As we approach the end of the year, a wave of nostalgia crests into substantive scrutiny. Admittedly, the Now/It’s publishing schedule for 2018 has been something of an aberration in the sense that one week there were four interviews to post in five days, while some stretches saw nothing posted for a week and a half (such as this most recent run). Obviously, this isn’t for a lack of content, but rather, just another aspect of the aforementioned substantive scrutiny. Sometimes a passion project like Now/It’s requires some “room to breathe.” If such a notion wasn’t entertained, it would no longer be a project of passion, but rather, a project, full stop. Granted, I’m not saying Now/It’s is the passion project to end all passion projects, on the contrary - if anything, it pales in comparison. But sometimes it’s nice to be reminded of that fact, which was recently made apparent in revisiting a June 2018 conversation with Abby Clark of Sister Kit. Clark has her own passion project(s) that requires the occasional hiatus. When we first met to speak, Clark was anticipating a summer release of her newest EP, Slow Recovery. It had already taken some time to arrive at that particular release window, but as happens from time to time, it wasn’t released until November. Nevertheless, the time undoubtedly allowed Clark time to ruminate over the EP as well as turn to her other passion project - visual art. There’s a truly moving amount of talent well within Clark’s grasp, both musically and visually, so to know that otherwise idle time can appeal to various passions of hers serves as a calming perspective (much like her lyrical purview) to those who find themselves in similar (or varied) situations.
Now/It’s met with Abby Clark at Dozen Bakery, in the Wedgewood-Houston neighborhood of Nashville.
N/I - Your single has done incredibly well on the site!
Abby - That’s great!
N/I - I love that song. Such a great song.
Abby - Thanks.
N/I - How long have you had these songs done? Because the last time I saw [Sister Kit] live was in September of 2017. I feel like I could try and guess if some of the songs were similar or not, but realistically, you’ve been working on the songs for the better part of a year? More than a year?
Abby - It’s kind of weird, because the first song that’s on there, I probably wrote three or four years ago, when I first moved to Nashville. I feel like when the album is out, you can probably tell, because it’s not necessarily the most complex, melody-wise. But I feel like from there, it grew.
N/I - Well songs and approaches to them shift over time.
Abby - The more I wrote, the more I feel like you can tell how I grew from the first song.
N/I - I think there’s something nice to be able to see that from a recording…. I guess you don’t really see that as much as hear it, but nevertheless….
Abby - I think so. To answer your question - the last song on there, or the second to last song - was written while we were recording the album. So it was sort of last minute, and we threw it on there. It was anywhere from three to four years ago to a year ago that I finished it, but all the songs were pretty much recorded around the time of that show in the Fall.
N/I - Fall 2017. So you’ve not really released anything else as Sister Kit, have you?
Abby - I did a song called “Be My Man” and recorded it in my bathroom [laughs], and then put it up on Bandcamp. It was a random one. You can buy it, so it was sort of funny that people were buying it when I just kind of put it up there to show what I kind of sound like, or at least the style of music. We needed that because we were playing shows but no one knew what we sounded like. I don’t know if it was that helpful, but people were buying it, which was funny.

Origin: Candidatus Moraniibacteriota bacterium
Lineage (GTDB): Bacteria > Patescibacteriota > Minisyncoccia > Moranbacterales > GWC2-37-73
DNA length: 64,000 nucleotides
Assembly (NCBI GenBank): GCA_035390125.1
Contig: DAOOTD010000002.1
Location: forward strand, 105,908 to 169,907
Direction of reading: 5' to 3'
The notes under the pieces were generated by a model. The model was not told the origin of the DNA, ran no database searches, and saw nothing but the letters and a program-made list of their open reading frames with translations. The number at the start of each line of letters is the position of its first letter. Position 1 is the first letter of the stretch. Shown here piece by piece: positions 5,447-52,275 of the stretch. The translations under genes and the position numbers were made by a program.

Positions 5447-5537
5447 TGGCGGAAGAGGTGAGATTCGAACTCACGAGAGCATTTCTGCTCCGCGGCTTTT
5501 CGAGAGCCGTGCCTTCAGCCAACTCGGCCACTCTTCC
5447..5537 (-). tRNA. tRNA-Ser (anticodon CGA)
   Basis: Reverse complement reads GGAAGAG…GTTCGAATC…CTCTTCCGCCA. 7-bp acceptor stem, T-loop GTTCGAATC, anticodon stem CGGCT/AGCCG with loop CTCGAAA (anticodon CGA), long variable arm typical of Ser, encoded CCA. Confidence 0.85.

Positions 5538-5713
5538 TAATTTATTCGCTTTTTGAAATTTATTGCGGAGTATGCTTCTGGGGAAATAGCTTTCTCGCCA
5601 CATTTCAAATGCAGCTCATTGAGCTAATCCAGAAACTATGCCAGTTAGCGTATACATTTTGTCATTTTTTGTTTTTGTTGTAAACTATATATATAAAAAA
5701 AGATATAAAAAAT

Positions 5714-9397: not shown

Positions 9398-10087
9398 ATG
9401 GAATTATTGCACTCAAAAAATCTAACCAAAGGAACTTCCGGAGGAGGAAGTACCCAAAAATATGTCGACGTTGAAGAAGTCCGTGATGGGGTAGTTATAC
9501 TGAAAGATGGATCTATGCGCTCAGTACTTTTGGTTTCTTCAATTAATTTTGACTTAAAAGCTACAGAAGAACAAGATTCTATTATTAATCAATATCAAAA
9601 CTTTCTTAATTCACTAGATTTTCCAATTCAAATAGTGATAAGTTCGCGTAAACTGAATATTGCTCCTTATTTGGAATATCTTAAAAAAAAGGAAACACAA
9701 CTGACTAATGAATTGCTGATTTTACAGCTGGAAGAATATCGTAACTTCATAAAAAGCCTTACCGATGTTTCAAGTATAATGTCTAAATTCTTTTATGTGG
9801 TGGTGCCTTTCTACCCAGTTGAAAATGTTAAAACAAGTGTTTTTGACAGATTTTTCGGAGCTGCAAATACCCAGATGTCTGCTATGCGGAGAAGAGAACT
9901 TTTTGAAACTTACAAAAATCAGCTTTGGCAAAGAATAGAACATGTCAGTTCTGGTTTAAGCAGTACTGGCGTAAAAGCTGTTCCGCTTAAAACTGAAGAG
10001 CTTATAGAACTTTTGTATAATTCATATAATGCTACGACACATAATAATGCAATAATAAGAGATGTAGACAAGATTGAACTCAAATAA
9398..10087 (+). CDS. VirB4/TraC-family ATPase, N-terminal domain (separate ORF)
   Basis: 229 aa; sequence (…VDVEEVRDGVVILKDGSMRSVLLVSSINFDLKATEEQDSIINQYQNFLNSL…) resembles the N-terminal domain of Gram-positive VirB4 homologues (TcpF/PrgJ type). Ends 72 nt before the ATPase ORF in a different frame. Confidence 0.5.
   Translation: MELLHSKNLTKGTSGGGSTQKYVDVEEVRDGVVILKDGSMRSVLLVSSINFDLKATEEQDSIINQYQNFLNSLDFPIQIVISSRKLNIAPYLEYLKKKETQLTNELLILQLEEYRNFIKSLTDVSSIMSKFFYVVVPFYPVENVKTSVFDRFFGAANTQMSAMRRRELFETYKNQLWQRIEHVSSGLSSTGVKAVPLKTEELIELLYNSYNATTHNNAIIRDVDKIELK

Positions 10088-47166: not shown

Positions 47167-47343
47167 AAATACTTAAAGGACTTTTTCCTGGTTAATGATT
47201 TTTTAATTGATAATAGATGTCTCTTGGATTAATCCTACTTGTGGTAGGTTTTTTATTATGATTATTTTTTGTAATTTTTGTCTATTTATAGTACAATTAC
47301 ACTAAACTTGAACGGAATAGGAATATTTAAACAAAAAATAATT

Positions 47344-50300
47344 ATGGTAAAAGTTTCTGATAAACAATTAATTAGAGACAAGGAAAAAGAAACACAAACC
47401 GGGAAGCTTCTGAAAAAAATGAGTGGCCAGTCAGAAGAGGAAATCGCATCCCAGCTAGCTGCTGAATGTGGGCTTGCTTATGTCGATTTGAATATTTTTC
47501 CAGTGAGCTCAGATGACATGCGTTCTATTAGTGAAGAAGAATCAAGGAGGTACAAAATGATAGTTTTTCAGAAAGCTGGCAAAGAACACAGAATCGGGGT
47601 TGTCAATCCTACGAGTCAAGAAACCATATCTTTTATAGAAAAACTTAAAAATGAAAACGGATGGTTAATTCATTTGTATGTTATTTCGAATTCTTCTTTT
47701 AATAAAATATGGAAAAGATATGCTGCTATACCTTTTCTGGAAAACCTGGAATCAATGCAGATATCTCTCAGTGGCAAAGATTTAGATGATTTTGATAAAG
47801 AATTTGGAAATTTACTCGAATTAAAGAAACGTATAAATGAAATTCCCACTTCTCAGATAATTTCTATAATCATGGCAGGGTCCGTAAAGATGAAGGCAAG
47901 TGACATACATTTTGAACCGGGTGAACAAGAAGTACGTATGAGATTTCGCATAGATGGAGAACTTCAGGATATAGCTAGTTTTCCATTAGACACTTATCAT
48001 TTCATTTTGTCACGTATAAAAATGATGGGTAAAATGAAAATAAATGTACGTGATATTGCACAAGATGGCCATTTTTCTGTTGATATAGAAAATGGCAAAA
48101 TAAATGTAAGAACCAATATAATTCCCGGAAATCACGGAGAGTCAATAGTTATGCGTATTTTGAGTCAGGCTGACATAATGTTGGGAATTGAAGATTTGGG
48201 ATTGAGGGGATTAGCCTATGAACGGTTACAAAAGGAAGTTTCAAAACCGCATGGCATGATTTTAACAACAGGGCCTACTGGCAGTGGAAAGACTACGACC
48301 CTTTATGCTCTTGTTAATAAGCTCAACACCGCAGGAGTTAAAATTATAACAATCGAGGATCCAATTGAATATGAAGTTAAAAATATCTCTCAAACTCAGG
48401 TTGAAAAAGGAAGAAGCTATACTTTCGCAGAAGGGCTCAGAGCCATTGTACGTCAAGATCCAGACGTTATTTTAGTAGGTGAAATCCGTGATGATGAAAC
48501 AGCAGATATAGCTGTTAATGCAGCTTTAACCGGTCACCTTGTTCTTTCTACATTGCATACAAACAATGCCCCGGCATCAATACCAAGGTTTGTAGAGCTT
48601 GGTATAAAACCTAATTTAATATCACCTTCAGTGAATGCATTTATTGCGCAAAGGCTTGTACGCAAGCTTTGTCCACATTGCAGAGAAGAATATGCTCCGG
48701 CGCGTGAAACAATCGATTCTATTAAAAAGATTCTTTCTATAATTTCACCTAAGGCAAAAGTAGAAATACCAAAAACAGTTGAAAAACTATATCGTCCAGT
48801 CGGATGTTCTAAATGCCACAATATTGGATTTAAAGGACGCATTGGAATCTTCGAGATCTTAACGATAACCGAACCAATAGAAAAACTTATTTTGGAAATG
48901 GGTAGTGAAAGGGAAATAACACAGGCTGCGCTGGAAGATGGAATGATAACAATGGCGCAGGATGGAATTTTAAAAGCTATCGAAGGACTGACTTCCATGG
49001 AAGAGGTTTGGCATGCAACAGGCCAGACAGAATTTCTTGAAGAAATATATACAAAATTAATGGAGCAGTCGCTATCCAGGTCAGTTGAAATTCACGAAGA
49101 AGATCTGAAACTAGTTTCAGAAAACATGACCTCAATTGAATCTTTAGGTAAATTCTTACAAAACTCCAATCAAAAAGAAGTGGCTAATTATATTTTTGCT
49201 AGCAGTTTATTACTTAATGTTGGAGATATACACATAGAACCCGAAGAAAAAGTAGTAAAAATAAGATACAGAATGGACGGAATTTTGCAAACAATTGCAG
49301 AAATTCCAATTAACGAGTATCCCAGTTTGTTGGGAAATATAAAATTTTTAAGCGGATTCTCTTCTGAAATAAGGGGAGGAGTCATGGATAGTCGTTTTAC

N/I - That’s always amusing in any capacity. Putting it out there and seeing people buying a song. I’ll run into similar moments with the website. I don’t necessarily know anyone in Canada, but they read the site religiously.
Abby - Totally.
N/I - So how did you go about booking shows if you didn’t really have anything to throw into a booking pitch? Was it mostly friends?
Abby - It was mostly friends, and then two or three shows in, it was word of mouth. So now we have a couple shows coming up that are just from friends telling friends.
N/I - That’s the most normal way to book shows. Or at least the most natural. Or most desirable. It’s better than emailing strangers at bars or clubs and begging…. Or convincing them that this is going to be worth their time. You may not be a Cincinnati band, but they should still book you in Cincinnati. That’s the fascinating aspect of being an indie musician - that playing music is arguably the smallest component of how your time is spent. It makes sense, but my question for you would be whether or not you anticipated all the pitching, booking, press, and other logistical things you’d be doing as an indie artist?
Abby - Well, I didn’t really know how to do any of this. A lot of it was sort of getting advice from Rob [Jackson] and other friends. But I still have no idea what I’m doing or what a lot of it means, but I guess I haven’t really been the most proactive about getting it out there. I think I want this EP to sort of exist. It’s just been a really long time working on it. It’s something that means a lot, but I feel like I’m already moving forward onto more stuff. This EP just kind of feels like a platform for what could be. I’m just building off that.
N/I - That makes sense - you have that one song you put out, but as far as people getting to know Sister Kit, this will serve as an introduction, or re-introduction of sorts. It’s not what you’re always going to sound like, but it’s a realistic frame of reference.
Abby - Totally. So I don’t think I know.
N/I - That’s fair. It’s not like you’ve been in music for thirty years and you’re still trying to figure things out. You have a good core surrounding and helping you. It’s like any new endeavor - be it a new job or a new musical outlet - there’s always a learning curve. It almost boils down to optimism versus pessimism. Some people go in thinking nothing is going to work, so they need to have so much stuff ready to throw out into the world to circumvent non-interest, and then there are others who put it out and let it breathe.